Sitting inside her office at Slayton House, Wilde Lake Village manager Kristin Shulder has a direct line of sight to what used to be the heart of the village center.
Like winter, Shulder's view of the center has been bleak — obstructed by the desolate former home of a Giant Food grocery store.
However, with developer and center property owner Kimco Realty announcing plans to break ground on a large-scale redevelopment by mid-May, that view is about to brighten.
"It's very, very exciting," Shulder said. "To think that there is going to be more than 200 apartment units here adding vibrancy to the village center is just great."
In addition to the five-story, approximately 250-unit apartment complex, the overhaul of the center includes the demolition of the Giant Food building, the renovation of the remaining village center buildings, and the construction of a CVS pharmacy, which could replace the Crown gas station by as early as fall 2014.
The first order of business, however, according to Kimco Realty's Vice President of Acquisitions and Development Geoff Glazer, will be relocating David's Natural Market to the former site of Produce Galore.
"This will be a whole new building, with a much more usable and friendly footprint," Glazer said."David's really grew over the last 10 and 15 years and this building will make for a more friendly shopping experience."
Glazer said the new David's Market, which will open the day after the current David's closes, will also have an expanded outdoor dining space to extenuate David's cafe.
"They have wonderful food, so expanding that space is going to be a real draw for people," said Wilde Lake Village Board Chairwoman Joyce Ardo.
While the development process appears to be in the homestretch, Ardo acknowledges it has been a long journey since Giant Food left more than 5 1/2 years ago.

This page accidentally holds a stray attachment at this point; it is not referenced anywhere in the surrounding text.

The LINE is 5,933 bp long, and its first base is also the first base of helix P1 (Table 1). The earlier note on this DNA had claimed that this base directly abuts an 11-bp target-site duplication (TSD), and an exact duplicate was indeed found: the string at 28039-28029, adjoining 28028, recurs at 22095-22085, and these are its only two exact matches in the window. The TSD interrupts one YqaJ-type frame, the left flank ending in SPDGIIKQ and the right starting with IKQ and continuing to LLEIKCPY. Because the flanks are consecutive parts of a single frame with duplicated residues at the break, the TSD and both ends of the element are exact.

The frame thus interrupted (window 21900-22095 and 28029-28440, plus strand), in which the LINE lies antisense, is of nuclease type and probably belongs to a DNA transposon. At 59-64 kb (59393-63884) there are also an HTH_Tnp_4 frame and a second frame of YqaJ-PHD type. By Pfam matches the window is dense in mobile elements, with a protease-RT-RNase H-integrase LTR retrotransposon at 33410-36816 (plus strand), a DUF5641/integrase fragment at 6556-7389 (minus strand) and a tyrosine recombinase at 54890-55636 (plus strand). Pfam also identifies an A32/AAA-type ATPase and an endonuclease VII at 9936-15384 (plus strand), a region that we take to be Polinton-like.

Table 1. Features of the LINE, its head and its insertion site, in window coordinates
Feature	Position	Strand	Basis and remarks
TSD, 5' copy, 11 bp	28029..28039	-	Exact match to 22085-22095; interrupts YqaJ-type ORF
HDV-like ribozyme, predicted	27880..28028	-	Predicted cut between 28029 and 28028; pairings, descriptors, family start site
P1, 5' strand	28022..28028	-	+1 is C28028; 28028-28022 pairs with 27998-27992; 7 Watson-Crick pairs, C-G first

"We are happy Kimco hung in there and agreed to continue to support this. It's not an easy process. ... It's been a lot of work," Ardo said. "That they believe in this community that much is very exciting."
Ardo said some residents have criticized Kimco and the redevelopment project because it does not plan to replace Giant Food with a traditional grocer.
Glazer believes David's and the new CVS will present residents the choices of a traditional grocer.
"David's plays an important role there supplying food resources to the community. Having a CVS and seeing how the drug store chains have evolved really complements David's," he said.
Shulder called CVS a "good match" for what Kimco is trying to put together.
"I think (CVS) sees a lot of potential," Shulder said. "Clearly they see this place as attractive. ... David's has your basics, and a CVS fills in the other parts a grocery store might offer."
The exterior of the 13,000-square-foot pharmacy is being reviewed by the village's design panel, and is scheduled to come back before the village board in April, Glazer said.
Preliminary plans for the building, which have been on display at Slayton House since CVS was announced earlier this month, show a drive-through connected to a new road, which runs parallel to Lynx Lane and connects the Slayton House parking lot to Twin Rivers Road.
The new apartment complex will front onto Cross Fox Lane — across from the Columbia Association tennis courts — and hold 85,000 square feet of retail on the ground floor, according to Glazer. There also will be a parking garage.
"Talking to the residential developers, it will be a combination of the empty-nesters, those who have been in Columbia for years and have watched their families grow up, and the young professional," Glazer said.
Glazer anticipates the apartments will be available for lease in early 2015.
Glazer said Kimco is working to relocate tenants that will be displaced, like Today's Catch Seafood Market, into those two buildings that will be renovated.
Glazer expects interest in some of the vacant locations, which includes the former Kentucky Fried Chicken site near Twin Rivers Road, to develop as activity begins.
"There are not a lot of vacancies, but as leases get signed, we'll share them," he said. "Most of the activity will come when demolition and construction starts."
And for Shulder and Ardo, that day can't come soon enough.
"I think we are on the verge of doing something different," Ardo said. "We have an opportunity to revitalize and rediscover Wilde Lake. I'm very excited about that."Copyright © 2014, The Baltimore Sun